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Self-concept clarity and compulsive Internet use: The role of preference for virtual interactions and employment status in British and North-American samples

Quinones, Cristina and Kakabadse, Nada Korak (2015). Self-concept clarity and compulsive Internet use: The role of preference for virtual interactions and employment status in British and North-American samples. Journal of Behavioral Addictions, 4(4) pp. 289–298.

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DOI (Digital Object Identifier) Link: https://doi.org/10.1556/2006.4.2015.038
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Abstract

Background and aims: Compulsive Internet Use (CIU) describes a maladaptive relationship with the Internet characterised by loss of control and conflict. Although also affecting adults, most studies use teenage samples, and theoretical development on risk factors is scarce. According to Davis (2001), the social connectivity function of the Internet is key in identifying traits associated with CIU. Since Self-Concept Clarity (SCC) is strongly related to social anxiety, and virtual interactions allow “self-edition”, we hypothesized that individuals low in SCC could choose virtual interactions as safer alternative to satisfy their social needs. This could in turn increase the risk of CIU. Building on a previous study, we also expected CIU to be more harmful in the unemployed. Methods: We collected samples from the UK (N=532) and US (N=502) with equal distribution of employed and unemployed individuals. We ran Measurement Invariance tests to confirm that the constructs were equivalent across countries. Subsequently, we conducted mediation and moderation analysis to test our hypothesis with Multigroup Confirmatory Factor Analysis. Results: Measurement Invariance was confirmed. The relationship between SCC and CIU was partially mediated by preference of virtual interactions in both countries. This preference was significantly related to lower social support. Short term unemployment seemed to accentuate the negative impact of CIU on life satisfaction in both countries, although only marginally significantly in the US. The unemployed reported significantly lower levels of life satisfaction. Conclusion: We demonstrated that SCC is a key vulnerability factor to CIU in adults, and confirmed the additional risks for the unemployed.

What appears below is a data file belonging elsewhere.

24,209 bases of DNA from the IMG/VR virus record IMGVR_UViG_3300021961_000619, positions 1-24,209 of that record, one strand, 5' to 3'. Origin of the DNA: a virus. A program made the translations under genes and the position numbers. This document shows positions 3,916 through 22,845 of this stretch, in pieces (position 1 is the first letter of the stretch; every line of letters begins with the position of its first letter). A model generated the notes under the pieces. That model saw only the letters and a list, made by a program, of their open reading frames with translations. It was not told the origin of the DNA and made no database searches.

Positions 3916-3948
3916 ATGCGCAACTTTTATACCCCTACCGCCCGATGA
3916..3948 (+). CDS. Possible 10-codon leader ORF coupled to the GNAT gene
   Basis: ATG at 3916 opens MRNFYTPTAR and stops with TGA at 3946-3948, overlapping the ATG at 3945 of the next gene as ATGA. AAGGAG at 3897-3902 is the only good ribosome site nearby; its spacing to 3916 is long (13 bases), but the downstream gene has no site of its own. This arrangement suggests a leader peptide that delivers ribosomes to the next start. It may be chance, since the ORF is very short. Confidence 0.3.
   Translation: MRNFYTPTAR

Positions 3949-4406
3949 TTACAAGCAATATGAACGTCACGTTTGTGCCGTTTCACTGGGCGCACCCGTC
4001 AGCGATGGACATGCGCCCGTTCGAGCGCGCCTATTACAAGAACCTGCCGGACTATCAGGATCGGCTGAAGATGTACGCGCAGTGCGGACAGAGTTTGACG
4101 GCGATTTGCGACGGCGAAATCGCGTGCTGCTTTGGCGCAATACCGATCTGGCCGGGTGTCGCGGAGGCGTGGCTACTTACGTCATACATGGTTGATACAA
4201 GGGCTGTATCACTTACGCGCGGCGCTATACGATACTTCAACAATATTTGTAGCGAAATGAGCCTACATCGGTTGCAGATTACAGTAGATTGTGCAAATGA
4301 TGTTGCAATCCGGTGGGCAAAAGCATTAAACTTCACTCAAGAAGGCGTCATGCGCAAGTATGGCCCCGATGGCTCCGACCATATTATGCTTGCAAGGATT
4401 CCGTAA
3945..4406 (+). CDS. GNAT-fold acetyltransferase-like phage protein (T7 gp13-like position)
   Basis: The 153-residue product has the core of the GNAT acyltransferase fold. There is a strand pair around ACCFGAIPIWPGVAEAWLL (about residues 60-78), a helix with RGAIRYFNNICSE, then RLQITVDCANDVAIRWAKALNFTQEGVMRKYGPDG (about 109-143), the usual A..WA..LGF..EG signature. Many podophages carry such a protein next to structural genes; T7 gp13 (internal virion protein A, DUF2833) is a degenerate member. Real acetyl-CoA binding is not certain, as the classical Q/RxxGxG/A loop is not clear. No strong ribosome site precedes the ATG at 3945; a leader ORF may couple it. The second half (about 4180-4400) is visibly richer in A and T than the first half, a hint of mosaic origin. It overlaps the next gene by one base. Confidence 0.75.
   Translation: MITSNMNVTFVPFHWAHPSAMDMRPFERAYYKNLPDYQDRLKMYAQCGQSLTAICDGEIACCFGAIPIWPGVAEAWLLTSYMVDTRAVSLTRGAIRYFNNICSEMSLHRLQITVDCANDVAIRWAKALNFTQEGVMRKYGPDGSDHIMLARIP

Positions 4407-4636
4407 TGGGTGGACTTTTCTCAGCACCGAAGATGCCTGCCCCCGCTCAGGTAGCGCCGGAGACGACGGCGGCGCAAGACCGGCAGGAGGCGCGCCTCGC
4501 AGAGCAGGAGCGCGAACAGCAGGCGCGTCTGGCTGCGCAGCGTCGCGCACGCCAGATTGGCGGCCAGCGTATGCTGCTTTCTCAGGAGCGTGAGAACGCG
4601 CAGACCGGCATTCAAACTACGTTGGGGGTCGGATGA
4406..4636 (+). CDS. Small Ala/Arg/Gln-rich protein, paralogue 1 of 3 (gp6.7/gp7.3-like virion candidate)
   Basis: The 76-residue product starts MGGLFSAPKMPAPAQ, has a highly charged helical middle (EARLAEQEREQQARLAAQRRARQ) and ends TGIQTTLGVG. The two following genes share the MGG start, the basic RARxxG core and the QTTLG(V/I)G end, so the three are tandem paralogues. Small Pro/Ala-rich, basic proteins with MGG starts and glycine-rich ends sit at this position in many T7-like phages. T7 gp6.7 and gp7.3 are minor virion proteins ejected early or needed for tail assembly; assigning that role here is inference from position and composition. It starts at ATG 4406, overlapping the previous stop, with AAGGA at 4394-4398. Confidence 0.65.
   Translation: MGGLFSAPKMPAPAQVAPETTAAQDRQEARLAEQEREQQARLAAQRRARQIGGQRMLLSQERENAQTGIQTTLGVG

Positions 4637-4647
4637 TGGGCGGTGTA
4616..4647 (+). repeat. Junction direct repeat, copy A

Item Type: Journal Item
Copyright Holders: 2015 Akadémiai Kiad´o
ISSN: 2063-5303
Keywords: self-concept clarity; compulsive internet use; preference for virtual interaction; unemployment; life satisfaction; social support
Academic Unit/School: Faculty of Business and Law (FBL) > Business > Department for People and Organisations
Faculty of Business and Law (FBL) > Business
Faculty of Business and Law (FBL)
Item ID: 44921
Depositing User: Cristina Quinones
Date Deposited: 03 Dec 2015 16:40
Last Modified: 13 Nov 2019 08:09
URI: http://oro.open.ac.uk/id/eprint/44921
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